RATING: ★★ (2/4)
Captain Phillips, which chronicles the 2009 Somali pirate hijacking of the Maersk Alabama, is one of the year’s most underachieving films. While Tom Hanks (Forrest Gump, Saving Private Ryan) delivers a solid performance, he is unable to salvage the movie from its conflicted, dysfunctional plot. Paul Greengrass (United 93, The Bourne Ultimatum) takes an exciting, true story and manages to serve up an absolute dud. His lack of direction paralyzes the film, leaving the audience unfulfilled, disappointed and wanting more.
Unlike its cinematic cousin Black Hawk Down, which unequivocally took a pro-American stance in the U.S.-Somali conflict of the 1990s, Captain Phillips is corrupted by an effort to remain politically correct. Greengrass first introduces us to Captain Rich Phillips (played by Hanks), a hard-working northerner who takes his job of protecting his ship’s crew and cargo quite seriously. At the same time, he takes the audience into the anarchist world of Somalia, constantly reiterating the fact that the pirates are merely fisherman forced to use violence to provide for their families. Greengrass remains insistent on maintaining these two unique perspectives, both of which go underdeveloped under the confines of a two-hour film.
While I would not say that Captain Phillips is an anti-American movie, Greengrass certainly gives the film a questionable vibe with his foolish balancing act. By constantly shifting perspectives, the movie is unable to evoke any genuine emotion from the audience, a shame given the tragic nature of the story. Literally, as the film builds toward its climax of the SEALs rescuing Phillips, Greengrass fosters an atmosphere where the audience is inclined to feel sorry for the pirates. Perhaps he should have taken a page out of Clint Eastwood’s book, who depicted the Battle of Iwo Jima from both the American and Japanese perspectives, yet in two separate films (Flags of our Fathers & Letters from Iwo Jima).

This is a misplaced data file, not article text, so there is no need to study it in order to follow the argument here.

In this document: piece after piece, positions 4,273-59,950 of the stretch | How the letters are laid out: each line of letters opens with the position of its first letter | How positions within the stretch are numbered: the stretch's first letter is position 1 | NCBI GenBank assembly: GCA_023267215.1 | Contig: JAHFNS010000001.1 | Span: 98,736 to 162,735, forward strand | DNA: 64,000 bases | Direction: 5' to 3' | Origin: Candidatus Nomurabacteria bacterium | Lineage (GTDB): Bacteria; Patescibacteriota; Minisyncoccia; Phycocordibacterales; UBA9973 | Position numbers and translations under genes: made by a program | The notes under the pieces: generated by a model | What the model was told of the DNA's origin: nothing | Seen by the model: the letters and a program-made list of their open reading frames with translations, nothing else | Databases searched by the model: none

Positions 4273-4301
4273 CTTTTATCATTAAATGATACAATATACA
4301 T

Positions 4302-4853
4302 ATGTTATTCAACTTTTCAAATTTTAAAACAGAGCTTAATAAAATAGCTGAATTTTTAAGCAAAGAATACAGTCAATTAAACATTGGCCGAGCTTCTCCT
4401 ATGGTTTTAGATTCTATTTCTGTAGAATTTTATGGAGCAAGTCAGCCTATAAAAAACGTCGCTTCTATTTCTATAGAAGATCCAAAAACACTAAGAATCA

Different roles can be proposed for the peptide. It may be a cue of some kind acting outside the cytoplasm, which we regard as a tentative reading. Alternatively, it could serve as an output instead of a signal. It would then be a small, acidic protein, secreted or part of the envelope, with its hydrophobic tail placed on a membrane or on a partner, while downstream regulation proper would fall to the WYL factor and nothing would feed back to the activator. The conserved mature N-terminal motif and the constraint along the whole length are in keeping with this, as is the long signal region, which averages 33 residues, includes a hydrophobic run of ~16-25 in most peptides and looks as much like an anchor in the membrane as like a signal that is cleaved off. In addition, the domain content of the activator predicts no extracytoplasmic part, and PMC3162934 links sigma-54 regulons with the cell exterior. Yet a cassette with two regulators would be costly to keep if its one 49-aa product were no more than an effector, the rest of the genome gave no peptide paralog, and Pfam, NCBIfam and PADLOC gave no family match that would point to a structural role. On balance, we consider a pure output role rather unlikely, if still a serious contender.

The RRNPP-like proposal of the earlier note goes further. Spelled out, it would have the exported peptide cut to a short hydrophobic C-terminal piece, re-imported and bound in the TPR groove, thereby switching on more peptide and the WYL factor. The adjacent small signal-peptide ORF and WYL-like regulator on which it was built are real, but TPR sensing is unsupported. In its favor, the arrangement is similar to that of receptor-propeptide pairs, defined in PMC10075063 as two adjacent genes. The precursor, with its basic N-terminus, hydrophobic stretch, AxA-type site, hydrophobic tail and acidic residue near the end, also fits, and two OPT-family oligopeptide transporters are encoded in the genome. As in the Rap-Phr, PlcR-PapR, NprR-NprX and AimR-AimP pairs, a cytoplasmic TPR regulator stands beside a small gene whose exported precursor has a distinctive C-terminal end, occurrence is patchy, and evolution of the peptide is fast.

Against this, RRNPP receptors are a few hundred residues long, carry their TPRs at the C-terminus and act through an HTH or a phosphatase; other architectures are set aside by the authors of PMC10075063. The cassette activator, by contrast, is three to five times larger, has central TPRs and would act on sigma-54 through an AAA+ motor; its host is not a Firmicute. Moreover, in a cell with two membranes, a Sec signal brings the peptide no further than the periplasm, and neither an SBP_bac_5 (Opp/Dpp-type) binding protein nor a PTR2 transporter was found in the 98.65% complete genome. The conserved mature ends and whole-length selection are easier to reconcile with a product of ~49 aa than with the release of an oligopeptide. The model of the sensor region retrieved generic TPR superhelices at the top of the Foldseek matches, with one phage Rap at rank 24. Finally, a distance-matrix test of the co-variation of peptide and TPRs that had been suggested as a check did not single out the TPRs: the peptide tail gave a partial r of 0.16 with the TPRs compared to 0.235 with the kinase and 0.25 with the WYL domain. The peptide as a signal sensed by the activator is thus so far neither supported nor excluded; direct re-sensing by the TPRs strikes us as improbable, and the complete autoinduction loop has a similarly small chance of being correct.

The film’s quest to remain politically correct unfortunately creates two distinct narratives which ultimately fail to come together in a meaningful way. What compounds this glaring problem within the plot’s structure is how Greengrass unnecessarily simplifies and limits the realm of the story, with roughly half of the film focusing on Phillips being stranded in the lifeboat with the four pirates. For example, the dynamic provided by the supporting cast of Phillips’s wife and fellow crew members, although initially developed, is abruptly eliminated midway through the film.
Given that we all know Phillips is eventually saved, the movie should have expounded more upon the logistical/military effort behind the rescue, which was genuinely a remarkable feat. Instead, the movie incessantly focuses on the interaction Phillips has with the pirates, which confines the audience in a lifeboat of boredom. Zero Dark Thirty is an excellent example of a film that is able to build enormous suspense despite being burdened with an audience that from the beginning knows the ultimate outcome.
Although blessed with a talented lead actor and an intriguing story, Captain Phillips quickly becomes stagnant as a result of its conflicting narratives, not to mention Greengrass’s choppy directing. What initially may seem like an inspiring story of triumph is actually a bizarre, diluted film constricted by political correctness. When compared to the aforementioned movies Black Hawk Down and Zero Dark Thirty, seeing Captain Phillips is equivalent to ordering off the kids menu: boring, simplistic and devoid of meaningful substance.
Check out the trailer here!